MANY CANADIANS are at prayer this year, imploring the country to heal itself. We are led in these devotions by our first minister of the Church of Holy Unity in Ottawa. It might be rude to interrupt, but here are two books well worth the trouble of getting up off our knees and facing some inconvenient realities.
The Collapse of Canada?, intended for an American audience, introduces this country's current political predicament in four thoughtful, thorough, and well-documented essays. I envy those lucky Americans who have been spared the several thousand front-page and op-ed articles the rest of us have slogged through over the past 20 years. It's all here, neatly abridged, an intellectual aspirin for anyone down there who happens to have a Canadian headache. And there are some useful nuggets for Canadian readers, too. In his intelligent piece on Quebec nationalism, Stephane Dion, a political-science professor at the University of Montreal, points out that Quebec already has "the most powerful subnational government in all of the OECD countries in terms of its share of resources and its scope of intervention." He believes that for most Quebeckers language policy, rather than any massive jurisdictional power grab, is and always will be the key to satisfying French-Canadian aspirations. And in an essay on the possible restructuring of Canada, Keith Banting, a professor at Queen's University, discusses what some people have been saying over dinner for years, but which most commentators have been avoiding - the misguided notion that any Canadian province could have American statehood for the asking. As Banting suggests, with the Free Trade Agreement in place, there are now few economic incentives for the Americans to take us in, and plenty of political disincentives, particularly for Republicans wary of all the Democrats Canadian provinces would probably send to Congress.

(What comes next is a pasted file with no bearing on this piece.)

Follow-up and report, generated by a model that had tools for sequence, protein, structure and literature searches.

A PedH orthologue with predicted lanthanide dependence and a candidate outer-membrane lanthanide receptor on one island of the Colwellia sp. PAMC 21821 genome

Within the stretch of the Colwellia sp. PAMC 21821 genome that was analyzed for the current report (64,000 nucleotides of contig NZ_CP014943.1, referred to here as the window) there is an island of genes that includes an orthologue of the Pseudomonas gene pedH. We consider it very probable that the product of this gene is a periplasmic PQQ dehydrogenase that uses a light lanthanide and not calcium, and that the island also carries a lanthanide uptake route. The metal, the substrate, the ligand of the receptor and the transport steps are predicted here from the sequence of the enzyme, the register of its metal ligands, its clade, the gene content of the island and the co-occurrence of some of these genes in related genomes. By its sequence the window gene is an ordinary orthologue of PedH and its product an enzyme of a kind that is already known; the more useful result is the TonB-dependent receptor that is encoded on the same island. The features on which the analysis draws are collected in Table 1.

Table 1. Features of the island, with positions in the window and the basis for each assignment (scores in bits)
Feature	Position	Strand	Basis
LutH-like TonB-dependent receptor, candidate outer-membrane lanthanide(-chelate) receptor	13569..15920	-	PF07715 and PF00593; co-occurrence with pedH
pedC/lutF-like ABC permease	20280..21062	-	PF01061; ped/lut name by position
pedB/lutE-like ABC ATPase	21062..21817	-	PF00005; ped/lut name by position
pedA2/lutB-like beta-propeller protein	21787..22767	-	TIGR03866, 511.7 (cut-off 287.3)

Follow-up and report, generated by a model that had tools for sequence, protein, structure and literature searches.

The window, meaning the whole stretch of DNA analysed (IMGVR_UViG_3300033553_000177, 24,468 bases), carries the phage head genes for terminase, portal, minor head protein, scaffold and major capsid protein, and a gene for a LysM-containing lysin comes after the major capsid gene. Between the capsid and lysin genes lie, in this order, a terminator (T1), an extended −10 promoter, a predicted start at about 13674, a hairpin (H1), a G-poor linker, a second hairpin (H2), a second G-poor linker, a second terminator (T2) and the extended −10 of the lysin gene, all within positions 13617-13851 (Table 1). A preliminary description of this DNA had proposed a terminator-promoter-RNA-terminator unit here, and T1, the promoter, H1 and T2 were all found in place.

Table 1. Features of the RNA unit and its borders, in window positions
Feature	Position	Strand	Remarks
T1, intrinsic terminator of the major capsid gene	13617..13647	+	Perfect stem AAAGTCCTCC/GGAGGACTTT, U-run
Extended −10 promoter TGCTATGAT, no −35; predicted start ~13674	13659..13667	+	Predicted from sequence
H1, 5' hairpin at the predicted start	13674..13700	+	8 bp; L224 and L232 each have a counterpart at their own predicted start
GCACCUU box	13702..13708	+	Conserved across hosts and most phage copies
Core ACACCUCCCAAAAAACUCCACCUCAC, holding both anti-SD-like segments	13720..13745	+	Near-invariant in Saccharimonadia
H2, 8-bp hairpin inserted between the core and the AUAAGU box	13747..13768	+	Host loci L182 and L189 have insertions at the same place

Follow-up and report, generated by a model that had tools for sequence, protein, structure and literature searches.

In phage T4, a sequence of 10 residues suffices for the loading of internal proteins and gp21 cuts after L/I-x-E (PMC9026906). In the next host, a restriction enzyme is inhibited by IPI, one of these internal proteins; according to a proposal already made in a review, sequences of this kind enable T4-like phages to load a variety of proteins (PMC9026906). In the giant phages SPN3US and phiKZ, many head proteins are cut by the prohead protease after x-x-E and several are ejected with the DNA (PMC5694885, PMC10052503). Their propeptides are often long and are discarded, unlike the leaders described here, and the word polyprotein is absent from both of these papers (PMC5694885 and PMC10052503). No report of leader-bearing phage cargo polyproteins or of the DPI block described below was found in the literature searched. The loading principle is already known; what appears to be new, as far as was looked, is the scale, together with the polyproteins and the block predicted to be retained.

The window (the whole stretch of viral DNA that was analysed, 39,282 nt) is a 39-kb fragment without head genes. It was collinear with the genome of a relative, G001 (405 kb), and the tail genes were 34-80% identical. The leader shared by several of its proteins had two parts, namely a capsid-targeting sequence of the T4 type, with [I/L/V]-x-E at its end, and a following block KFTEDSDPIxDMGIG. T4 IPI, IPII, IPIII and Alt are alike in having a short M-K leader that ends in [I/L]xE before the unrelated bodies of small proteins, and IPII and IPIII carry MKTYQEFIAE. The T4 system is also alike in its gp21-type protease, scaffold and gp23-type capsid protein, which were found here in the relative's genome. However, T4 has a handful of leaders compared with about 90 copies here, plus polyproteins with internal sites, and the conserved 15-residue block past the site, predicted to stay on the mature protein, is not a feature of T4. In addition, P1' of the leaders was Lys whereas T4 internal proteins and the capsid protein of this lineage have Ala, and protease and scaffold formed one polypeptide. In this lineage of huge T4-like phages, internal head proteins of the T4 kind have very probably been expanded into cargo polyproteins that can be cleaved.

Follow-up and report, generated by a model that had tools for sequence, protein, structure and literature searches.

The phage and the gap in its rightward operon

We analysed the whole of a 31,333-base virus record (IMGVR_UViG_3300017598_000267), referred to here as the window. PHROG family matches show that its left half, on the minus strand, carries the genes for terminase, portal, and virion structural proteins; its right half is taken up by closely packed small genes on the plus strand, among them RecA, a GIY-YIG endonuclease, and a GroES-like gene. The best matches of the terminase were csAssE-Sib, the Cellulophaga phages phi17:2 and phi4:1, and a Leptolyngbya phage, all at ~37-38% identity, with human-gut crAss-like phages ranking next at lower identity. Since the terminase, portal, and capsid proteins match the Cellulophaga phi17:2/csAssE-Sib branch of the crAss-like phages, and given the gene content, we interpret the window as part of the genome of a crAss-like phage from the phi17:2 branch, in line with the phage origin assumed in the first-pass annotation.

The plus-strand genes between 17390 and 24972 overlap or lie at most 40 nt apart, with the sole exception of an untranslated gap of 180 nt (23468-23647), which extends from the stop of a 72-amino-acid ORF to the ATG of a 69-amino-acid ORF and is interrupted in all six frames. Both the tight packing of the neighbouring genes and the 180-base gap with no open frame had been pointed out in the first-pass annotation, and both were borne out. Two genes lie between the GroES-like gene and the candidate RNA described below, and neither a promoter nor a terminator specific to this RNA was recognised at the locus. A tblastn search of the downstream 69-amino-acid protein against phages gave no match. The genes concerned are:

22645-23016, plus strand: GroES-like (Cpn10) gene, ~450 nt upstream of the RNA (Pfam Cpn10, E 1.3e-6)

Canada Remapped examines another issue we've all largely ducked: the partition of a post-independence Quebec. Many journalists and politicians have dismissed this as a preposterous possibility best left to the lunatic fringe. Scott Reid thinks not. His book, which isn't loony at all, offers an impressively researched and intelligent argument, though I disagree with some of his conclusions.
Reid believes that because so many Quebeckers would feel disinherited by an independence referendum that deprived them of their Canadian citizenship, pressure for partition would build. Referring to a broad international range of examples of secession, he selects as most suitable for Canada the Swiss model of a double referendum - one vote to determine whether to secede, and a second, with local majorities the determining factor, to decide whether each locality wishes to join the new jurisdiction or stick with the old. With some refinements to minimize enclaves, this is how the Swiss canton of Jura separated from the canton of Berne, more or less peacefully, in 1979.
Reid believes the federal government should enact partition legislation now, both to deter Quebec sovereignists and to avoid appearing desperate or punitive in the event that Quebec independence became inevitable. But he doesn't feed into his political calculus the enormous freight that such a bill would add to the federal government's burden this summer. At the very least the appointment of a special minister would be required to hustle the law through parliament. One could reasonably argue that a simple act of homicide would be kinder to the MP in question.
Reid has written an important book, but I'm still unconvinced that partition would be the answer for Canada. When Jura split from Berne with some enclaves remaining legally attached to the old canton, both jurisdictions were still part of Switzerland. You didn't have to cease being a Swiss national, in other words, when you chose sides. But citizenship may be the crux of the matter for hundreds of thousands, even millions, of Canadians, should Quebec separate. Wouldn't it be easier simply to guarantee all of them their Canadian citizenship? Non-resident Canadians, many with dual citizenship, live all over the world. Why shouldn't a million or more of them live next door in Quebec? We like to think ourselves a generous people. This would be the least we could offer our compatriots in a neighbouring sovereign state.